Meet Chicago Booth’s MBA Class Of 2019

Some of the MBA students in the Class of 2019 at Chicago Booth

Many applicants associate the University of Chicago’s Booth School of Business with finance. Others laud its flexible curriculum, academic rigor, and teaching excellence. Often times, “the people” get overlooked at Booth. As a result, no business school is more misunderstood.

Thanks to its large size and urban locale, Booth has been saddled with the dreaded “commuter school” label. By shunning the tradition cohort system, the program gets knocked for “community.” Let’s face it: any collection of academically gifted overachievers will reflexively be portrayed as wonky and withdrawn.

Just don’t say that around the Class of 2019.

Survey the class about why they came to Hyde Park and the answer can be summed up this way: They admired the Boothies they met – and want to be just like them!


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University of Chicago, Booth School of Business

That was true of Caitlin Geehan, a first-year who built the brands of Sony music acts after studying marketing at NYU. Initially, she was dazzled by Booth’s “qualitative edge.” What sealed the deal, she says, was a welcoming culture defined by a “pay-it-forward” ethos. “As a career switcher, the opportunity to be in such a diverse, accepting and collaborative environment that is also paired with a killer academic curriculum is exactly what I need to be inspired and continue to grow to my full potential.”

Booth is a program built on the maxim that “ideas compete, not people.” Juan Vasquez witnessed this ethos first-hand when he visited campus. “Booth’s overarching goal present across the entire student body is not to outperform your peers, but to help them any way you can,” observes the Peru native and McKinsey alum. “I once remember seeing a first-year student after an internship interview going to meet with another student to coach him for an interview with the same company, for the same position.”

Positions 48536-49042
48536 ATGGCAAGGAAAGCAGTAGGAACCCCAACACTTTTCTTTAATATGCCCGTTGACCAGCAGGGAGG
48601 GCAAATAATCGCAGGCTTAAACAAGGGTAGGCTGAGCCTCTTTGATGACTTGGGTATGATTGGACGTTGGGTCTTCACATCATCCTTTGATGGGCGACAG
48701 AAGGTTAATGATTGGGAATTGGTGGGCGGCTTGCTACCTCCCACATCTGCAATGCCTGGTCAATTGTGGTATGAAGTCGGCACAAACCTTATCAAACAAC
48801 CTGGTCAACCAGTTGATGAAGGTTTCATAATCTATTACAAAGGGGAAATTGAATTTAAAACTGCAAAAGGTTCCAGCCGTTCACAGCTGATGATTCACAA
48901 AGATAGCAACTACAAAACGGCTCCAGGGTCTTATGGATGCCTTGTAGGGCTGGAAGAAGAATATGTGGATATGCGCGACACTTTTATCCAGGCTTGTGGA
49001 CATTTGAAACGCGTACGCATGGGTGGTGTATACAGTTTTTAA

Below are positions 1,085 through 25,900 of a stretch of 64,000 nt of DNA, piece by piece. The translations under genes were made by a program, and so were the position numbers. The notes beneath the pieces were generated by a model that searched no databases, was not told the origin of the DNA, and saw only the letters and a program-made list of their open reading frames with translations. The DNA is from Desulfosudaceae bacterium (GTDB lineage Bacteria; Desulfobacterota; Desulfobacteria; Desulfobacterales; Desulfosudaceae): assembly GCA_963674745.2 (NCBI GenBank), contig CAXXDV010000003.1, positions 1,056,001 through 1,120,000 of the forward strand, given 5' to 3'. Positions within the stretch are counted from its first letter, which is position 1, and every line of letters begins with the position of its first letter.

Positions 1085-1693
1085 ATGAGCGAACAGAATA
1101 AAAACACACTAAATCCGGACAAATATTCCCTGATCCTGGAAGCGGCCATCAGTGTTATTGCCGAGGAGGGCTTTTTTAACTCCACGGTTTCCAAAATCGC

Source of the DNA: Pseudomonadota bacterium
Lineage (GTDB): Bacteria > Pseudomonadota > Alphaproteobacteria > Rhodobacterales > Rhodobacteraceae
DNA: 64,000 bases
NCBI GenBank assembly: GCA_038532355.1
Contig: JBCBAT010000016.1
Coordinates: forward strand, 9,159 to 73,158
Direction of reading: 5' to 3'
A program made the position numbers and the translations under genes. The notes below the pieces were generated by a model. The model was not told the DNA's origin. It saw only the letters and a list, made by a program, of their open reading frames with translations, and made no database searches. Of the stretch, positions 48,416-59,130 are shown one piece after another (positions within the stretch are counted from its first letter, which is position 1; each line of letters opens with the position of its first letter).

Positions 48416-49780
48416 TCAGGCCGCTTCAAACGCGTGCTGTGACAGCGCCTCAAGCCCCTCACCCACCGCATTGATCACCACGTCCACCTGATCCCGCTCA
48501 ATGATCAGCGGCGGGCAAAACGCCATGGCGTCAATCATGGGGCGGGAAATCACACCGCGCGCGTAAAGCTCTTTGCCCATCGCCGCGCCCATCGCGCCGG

This egalitarian spirit is rooted in Booth’s careful selection of MBA talent. Kurt Ahlm is the associate dean of full-time admissions at the school – and a 2009 Booth alum. In a 2017 interview with Poets&Quants, Ahlm portrays Booth as a program that deeply values an “innate sense of curiosity.” That filters down to the students who flourish in the program: life-long learners who are always open, exploring, and never satisfied. “They are compelled to ask questions, think about how things connect, and dive deeper,” Ahlm notes. “That’s just baked in whether you talk to students, staff, or faculty.”


This difference was clear for Tim Lewis, a soccer aficionado who climbed the ranks at Google. As an applicant, he reached out to several of his classmates at the University of Michigan who’d already started business school. He describes their reactions to their core courses as “mixed” – with one exception.

“A Booth student was emphatic that he was learning something new in every class,” he remembers. “He discussed how controlling his class schedule gave him the ability to challenge himself as much as he liked, and how most classes introduced some form of quantitative modeling that enabled him to take a new approach to familiar subjects. As this was exactly what I wanted, I became a firm believer that Booth would enable me to realize more growth than other MBA programs.”

Such experiences also dispel other myths about Booth. A commuter school where you don’t develop deep relationships with classmates? Hardly, says Ahlm. For one, the entire program – all 1,165 full-time MBAs – is housed in one building, meaning students are constantly crossing paths with each other. For another, the school’s decentralized model fosters the “right” types of relationships where students with shared interests are constantly working together.